By Ken Schultz
After we’d landed the second or third large striper casting with light tackle, Joe Valentine asked, “Do you do this every time?”
“I think it’s you, Joe,” I answered. “You’re the good luck charm.”
Joe hadn’t fished on my boat in a while, but he joined me and George Phillips yesterday in Virginia waters of Chesapeake Bay.
The sun was just clearing the horizon when we reached our first destination near Tangier Island, after a frigid 30-minute run over calm water. The air temperature was 29 degrees when we left the dock, and we were bundled like moon-walking astronauts.
A few minutes later I was posing for photos with a 32-inch striper, noticing later that I still had my skull cap and ski goggles on top of my head in the photos. The fish took a big swimming plug about 15 minutes after we arrived. I revived the bass and put it back in the water, and a few moments later George hollered out. Off to the northeast some 25 miles, a large rocket was lifting off the launchpad at Wallops Island, Virginia, carrying a cargo mission to the Space Station. I should have held the fish a little longer and gotten the rocket in the background.
Over the next few hours we moved to several places, casting jigs and large plugs around
structure. We landed eighteen stripers, including two 32-inchers, one 33-incher, and two 34-inchers. The 34s came as a doubleheader that George and I landed in a circus-like round-the-boat carnival act.
Both George and Joe lost big fish that were running with the same pack evidently, George’s because the hook pulled out and Joe’s because the fish out-muscled him, getting around some object and cutting his leader. That fish was the only one of the big ones hooked on a jig instead of a plug. All of the large fish were released, as we kept a few 24-inchers to eat.
In the afternoon, I took the boat to the ocean side of the Eastern Shore peninsula, and met up with Brooks Howell and George Reiger for what we thought was a last-of the season shot at speckled trout and juvenile red drum, called redfish or, locally, puppy drum.
Recent cold weather had knocked water temperatures down and probably sent specks and reds packing. But we’d all agreed that calm wind conditions and a late afternoon high tide (the top of the outgoing tide has been especially productive) made it a worthwhile gambit.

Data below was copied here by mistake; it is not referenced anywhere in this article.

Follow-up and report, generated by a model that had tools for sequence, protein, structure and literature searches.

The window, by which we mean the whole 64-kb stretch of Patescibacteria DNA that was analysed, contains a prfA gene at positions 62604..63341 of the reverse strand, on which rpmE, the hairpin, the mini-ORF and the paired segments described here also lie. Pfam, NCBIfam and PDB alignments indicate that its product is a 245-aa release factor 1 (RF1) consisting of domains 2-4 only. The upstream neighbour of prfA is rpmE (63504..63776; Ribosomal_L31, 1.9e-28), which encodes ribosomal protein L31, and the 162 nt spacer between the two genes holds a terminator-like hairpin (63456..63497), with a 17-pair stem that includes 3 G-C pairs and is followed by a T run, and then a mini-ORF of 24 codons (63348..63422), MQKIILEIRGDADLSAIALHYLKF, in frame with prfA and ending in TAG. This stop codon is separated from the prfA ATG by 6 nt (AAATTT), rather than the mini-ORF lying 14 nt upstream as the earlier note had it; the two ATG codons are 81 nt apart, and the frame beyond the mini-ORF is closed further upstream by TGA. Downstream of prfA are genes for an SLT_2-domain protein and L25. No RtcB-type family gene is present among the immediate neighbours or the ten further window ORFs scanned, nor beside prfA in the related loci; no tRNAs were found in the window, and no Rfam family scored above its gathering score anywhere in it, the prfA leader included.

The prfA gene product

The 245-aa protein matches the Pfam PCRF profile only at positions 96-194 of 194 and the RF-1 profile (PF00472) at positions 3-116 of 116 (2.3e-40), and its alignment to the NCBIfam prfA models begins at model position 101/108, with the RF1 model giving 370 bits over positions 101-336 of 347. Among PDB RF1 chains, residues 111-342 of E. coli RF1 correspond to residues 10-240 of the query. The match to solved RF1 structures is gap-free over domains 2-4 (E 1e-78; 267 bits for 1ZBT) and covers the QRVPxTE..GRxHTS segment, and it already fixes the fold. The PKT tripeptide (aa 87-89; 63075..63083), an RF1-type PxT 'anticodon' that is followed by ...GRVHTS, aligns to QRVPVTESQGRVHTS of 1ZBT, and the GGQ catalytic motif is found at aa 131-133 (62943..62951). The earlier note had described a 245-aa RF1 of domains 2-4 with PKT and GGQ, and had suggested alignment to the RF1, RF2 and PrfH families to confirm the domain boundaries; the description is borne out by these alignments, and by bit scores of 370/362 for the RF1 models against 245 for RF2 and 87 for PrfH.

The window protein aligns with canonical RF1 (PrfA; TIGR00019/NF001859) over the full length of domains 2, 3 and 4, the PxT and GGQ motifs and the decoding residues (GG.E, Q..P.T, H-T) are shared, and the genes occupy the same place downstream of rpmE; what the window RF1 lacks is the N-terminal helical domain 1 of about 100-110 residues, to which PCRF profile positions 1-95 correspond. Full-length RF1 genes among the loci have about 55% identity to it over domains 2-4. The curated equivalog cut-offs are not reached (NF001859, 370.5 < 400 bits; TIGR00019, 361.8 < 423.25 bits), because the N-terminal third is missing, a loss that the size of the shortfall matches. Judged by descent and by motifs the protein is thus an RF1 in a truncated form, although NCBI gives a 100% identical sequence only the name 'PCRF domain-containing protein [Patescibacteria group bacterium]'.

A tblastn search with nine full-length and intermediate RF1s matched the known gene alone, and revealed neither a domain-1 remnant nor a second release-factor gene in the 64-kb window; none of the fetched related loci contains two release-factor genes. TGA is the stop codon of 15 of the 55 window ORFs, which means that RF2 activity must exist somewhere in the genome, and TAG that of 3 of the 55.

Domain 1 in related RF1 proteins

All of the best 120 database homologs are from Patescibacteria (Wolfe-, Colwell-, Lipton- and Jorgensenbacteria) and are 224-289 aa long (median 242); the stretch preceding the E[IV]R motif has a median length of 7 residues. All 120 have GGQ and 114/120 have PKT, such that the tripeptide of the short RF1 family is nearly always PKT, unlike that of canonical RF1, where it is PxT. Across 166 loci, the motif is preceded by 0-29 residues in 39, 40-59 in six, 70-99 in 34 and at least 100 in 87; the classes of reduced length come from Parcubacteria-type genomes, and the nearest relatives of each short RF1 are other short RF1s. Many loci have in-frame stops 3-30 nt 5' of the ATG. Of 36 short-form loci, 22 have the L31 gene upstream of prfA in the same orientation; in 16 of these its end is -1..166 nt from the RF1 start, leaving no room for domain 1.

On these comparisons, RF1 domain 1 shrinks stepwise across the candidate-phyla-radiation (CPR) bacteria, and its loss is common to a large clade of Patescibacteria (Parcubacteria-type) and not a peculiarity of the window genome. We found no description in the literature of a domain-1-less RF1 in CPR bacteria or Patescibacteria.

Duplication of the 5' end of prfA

The oceanside water temperature, however, was 48, and the shallows were crystal clear. At a marsh island we cast along grass and oyster bed edges for two and a half hours with no specks or reds, but a dozen small striped bass to our credit. There was no bait activity and no signs of fish movement, and we wondered if the crabs that the reds like were probably dug into the mud.
When the outgoing tide started we fished attentively around drains, but to no avail. At 4:45, with darkness about to set in and a 20-minute boat ride ahead of us, George packed his rods up and announced that we’d given it a good try. I started putting my rods away, too, but when I picked up the one with the spinnerbait, I thought it was worth another cast or two, since we were by a grass-and shellfish clump that had sometimes been productive.
I hooked a fish immediately, fought it for a few thrashing seconds, then lost it as the hooked pulled out. It felt like a red. Brooks cast a jig out at the same and was also into a fish; his hook also pulled out. I cast back and hooked up instantly. So did Brooks. George’s rods were away and he had to man the net, or he’d have probably hooked one also, since we’d evidently stumbled onto a pod.
I finally got mine into the boat. At 26 inches, it was just at the top end of the 18- to 26-inch slot limit. Brooks landed his, which was 25 ¾ inches. We spent a few more minutes casting the area, but the pod was gone, the sun had set, the water was dropping, and we were out of time.
I can’t lay that good fortune on Joe, but no matter the reason, it was the kind of day that doesn’t come along too often and makes you glad you didn’t stay inside, warm and watching football. It was also the kind of fishing action that doesn’t occur in many other places like Virginia’s Eastern Shore.
Happy day and hallelujah.
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